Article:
In an absolutely astounding experiment, the banner advertising equivalent of dead air -- a blank display ad -- performed better than the average Facebook ad; twice as good as the average "branding" display ad; and only one click in ten thousand worse than the average of all display ads.
Here are the details.
AdAge this week has a piece called How Blank Display Ads Managed to Tot Up Some Impressive Numbers. The article was written by Ted McConnell, exec VP-digital for the Advertising Research Foundation.
Ted and a few friends (an astrophysicist from an online analytics firm, a measurement expert from the Advertising Research Foundation, and an ad-platform wizard from a buying and optimization company) decided to do an experiment. The experiment was designed to discover how much clicking of banner advertising was actual engagement with the ad, and how much was just noise -- people clicking for no reason.
To do this they created a unique ad -- an ad with no message. A blank. According to McConnell...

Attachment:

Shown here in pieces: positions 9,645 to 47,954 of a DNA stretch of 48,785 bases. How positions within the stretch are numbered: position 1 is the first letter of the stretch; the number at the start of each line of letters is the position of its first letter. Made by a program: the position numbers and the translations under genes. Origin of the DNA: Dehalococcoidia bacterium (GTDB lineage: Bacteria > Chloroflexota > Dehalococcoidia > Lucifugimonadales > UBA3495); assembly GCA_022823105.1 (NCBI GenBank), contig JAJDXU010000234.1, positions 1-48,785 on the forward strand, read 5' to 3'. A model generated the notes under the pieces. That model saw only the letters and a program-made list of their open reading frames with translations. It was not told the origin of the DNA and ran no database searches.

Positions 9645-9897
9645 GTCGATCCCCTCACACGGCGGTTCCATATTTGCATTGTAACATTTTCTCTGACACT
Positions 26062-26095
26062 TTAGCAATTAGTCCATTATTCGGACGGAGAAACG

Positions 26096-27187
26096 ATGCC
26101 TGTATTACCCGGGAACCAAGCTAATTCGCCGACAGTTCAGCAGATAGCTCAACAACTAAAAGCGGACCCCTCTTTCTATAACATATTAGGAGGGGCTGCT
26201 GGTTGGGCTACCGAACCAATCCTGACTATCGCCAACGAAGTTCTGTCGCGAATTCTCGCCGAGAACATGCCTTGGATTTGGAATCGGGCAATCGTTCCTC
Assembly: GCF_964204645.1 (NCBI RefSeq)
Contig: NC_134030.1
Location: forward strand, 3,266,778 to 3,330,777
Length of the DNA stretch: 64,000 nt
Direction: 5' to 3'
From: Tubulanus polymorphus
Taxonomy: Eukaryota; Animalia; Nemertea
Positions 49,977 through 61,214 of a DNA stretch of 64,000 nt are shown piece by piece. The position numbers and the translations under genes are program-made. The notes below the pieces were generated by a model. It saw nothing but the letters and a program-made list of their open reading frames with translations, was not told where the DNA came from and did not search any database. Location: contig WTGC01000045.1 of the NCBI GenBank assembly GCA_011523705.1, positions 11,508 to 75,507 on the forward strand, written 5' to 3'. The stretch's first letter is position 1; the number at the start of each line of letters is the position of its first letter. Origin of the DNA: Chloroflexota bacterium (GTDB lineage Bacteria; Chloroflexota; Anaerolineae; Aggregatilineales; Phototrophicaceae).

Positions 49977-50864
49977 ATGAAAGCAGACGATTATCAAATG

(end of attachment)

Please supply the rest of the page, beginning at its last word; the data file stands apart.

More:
"We created six blank ads in three IAB standard sizes, and two colors, white and orange. We trafficked the ads via a demand-side platform (DSP) with a low bid. We started with run of exchange, and in another phase trafficked to "named publishers" that would accept unaudited copy."Here are the results:
- The click-through rate on the blank ads was .08%. According to published reports, the click-through rate on the average Facebook ad is about .05%. The blank ad performed 60% better.
- The click through rate for the blank ad was about double the average click-through rate for a "branding" display ad (an ad without an offer.)
- The click-through rate on the average banner ad is .09%. This means the blank ad drew one click in ten thousand fewer than an average banner ad.
- About .04% of the clicks were mistakes. Since the average click-through rate for display ads is .09%, this indicates that it is possible that as much as 44% of banner ad clicks are mistakes.
You simply cannot make this shit up.
Thanks to Tom Donald for alerting me to this story.